Malazan Reread of the Fallen

Malazan Re-read of the Fallen: The Bonehunters, Chapter Twenty-Three, Part One

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Welcome to the Malazan Re-read of the Fallen! Every post will start off with a summary of events, followed by reaction and commentary by your hosts Bill and Amanda (with Amanda, new to the series, going first), and finally comments from Tor.com readers. In this article, we’ll cover the first half of Chapter Twenty-Two of The Bonehunters by Steven Erikson (TB).

A fair warning before we get started: We’ll be discussing both novel and whole-series themes, narrative arcs that run across the entire series, and foreshadowing. Note: The summary of events will be free of major spoilers and we’re going to try keeping the reader comments the same. A forum thread has been set up for outright Malazan spoiler discussion.

Once again, Amanda is at BEA and is angrily frustrated at her lack of wireless. She’ll join us on our next post…

Chapter Twenty-Three, Part One

SCENE ONE

Kalam watches more people stream toward the waterfront and wonders who is organizing this and why they didn’t know that hundreds will die if they face the ship, what with the munitions aboard and Quick Ben as well. He checks to make sure he still has one of Quick Ben’s acorns with him. He can hear screams in the distance and see smoke from burning buildings and wonders if this is the beginning of the end of the Empire. He thinks Tavore should be returning in triumph and wonders if Laseen is fully in control any more. He knows his moment of decision, a life and death one for him he believes, is quickly approaching.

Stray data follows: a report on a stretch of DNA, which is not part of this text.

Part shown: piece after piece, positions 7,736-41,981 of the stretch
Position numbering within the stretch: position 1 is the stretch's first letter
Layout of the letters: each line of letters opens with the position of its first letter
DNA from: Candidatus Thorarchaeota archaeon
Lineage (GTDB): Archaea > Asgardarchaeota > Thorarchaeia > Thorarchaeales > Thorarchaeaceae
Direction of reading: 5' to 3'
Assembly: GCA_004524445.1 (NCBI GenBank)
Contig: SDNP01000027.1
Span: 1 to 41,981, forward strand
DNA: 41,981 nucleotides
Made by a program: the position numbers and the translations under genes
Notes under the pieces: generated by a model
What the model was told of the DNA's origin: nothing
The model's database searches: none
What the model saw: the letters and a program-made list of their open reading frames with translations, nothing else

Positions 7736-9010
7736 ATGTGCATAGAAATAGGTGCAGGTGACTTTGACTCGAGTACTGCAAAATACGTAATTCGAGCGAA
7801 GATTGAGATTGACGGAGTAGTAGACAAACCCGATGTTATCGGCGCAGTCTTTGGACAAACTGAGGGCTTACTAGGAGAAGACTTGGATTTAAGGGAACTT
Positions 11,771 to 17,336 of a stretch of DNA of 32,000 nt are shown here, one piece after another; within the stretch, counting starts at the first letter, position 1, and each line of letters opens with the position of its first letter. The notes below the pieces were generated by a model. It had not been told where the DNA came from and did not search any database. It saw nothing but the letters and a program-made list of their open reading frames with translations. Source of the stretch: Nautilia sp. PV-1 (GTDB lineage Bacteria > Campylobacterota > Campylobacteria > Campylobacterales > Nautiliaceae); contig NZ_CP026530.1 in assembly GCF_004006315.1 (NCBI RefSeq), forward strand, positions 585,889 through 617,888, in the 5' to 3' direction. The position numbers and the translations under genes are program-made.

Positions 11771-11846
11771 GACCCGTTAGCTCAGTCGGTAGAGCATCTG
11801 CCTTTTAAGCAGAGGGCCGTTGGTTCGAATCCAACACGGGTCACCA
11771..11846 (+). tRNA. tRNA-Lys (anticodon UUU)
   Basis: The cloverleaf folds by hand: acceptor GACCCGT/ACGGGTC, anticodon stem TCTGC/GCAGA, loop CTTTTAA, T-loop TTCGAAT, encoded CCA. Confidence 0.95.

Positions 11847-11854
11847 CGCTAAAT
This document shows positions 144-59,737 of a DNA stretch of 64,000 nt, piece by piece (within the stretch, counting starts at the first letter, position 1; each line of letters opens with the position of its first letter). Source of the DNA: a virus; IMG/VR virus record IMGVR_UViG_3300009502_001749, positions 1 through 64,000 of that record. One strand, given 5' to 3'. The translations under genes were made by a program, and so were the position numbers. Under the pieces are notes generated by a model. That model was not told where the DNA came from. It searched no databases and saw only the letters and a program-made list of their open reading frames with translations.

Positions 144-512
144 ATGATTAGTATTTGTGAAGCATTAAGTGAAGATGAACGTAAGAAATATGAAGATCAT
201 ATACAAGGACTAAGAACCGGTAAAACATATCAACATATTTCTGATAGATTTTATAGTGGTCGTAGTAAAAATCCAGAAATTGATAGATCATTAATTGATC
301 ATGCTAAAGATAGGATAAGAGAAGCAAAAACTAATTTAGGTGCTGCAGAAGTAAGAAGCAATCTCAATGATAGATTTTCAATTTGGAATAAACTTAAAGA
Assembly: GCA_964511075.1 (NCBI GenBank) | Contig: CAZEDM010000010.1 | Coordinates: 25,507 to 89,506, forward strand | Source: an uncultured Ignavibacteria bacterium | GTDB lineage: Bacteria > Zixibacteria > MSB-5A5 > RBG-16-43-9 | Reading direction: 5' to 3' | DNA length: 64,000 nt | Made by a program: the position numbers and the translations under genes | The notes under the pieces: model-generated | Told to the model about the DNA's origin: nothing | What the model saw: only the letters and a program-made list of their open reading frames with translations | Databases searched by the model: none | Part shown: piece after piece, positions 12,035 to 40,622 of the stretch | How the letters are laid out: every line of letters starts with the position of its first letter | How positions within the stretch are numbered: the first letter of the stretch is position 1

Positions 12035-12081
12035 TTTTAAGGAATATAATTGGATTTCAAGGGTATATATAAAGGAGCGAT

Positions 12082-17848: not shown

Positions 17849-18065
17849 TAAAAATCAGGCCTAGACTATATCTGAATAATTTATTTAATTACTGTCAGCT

SCENE TWO

Bottle moves through the city, sensing Mockra filling the streets, filling people with a hunger for violence. He reaches Agayla’s home and introduces himself (they’re related via marriage). He tells her he’s looking for someone and needs her help. She grabs his doll and asks if that’s the person. When he replies yes, she says she’s left him no choice and agrees to help him “save the world.” Bottle thinks Tavore never mentioned that.

SCENE THREE

Balm’s squad on the jetty face an angry crowd. Keneb joins them and is told Fiddler and Gesler are “scouting.” Keneb says the transports are withdrawing out of arrow range, and Destriant Run’Thurvian has given assurance the Silanda and Froth Wolf (Tavore’s ship) which will stay moored, won’t burn. The squad will be on their own, though the Froth Wolf will cover them with their ballista. The crowd shoots flaming arrows at the Froth Wolf (to no effect) and the squad retaliates with munitions. The mob charges and the fight is on. Koryk thinks they’re killing their own people now. They beat back the mob and it retreats a little ways.

SCENE FOUR

Aboard the Froth Wolf, Keneb angrily tells Captain Rynag there were out-of-uniform soldiers in the attacking mob and Rynag denies knowing anything about it. Rynag says the mob want the Wickans, that a pogrom has started and an army is now marching into the Wickan Plains. Keneb threatens to land the Fourteenth and put an end to it all. He orders Rynag off the ship.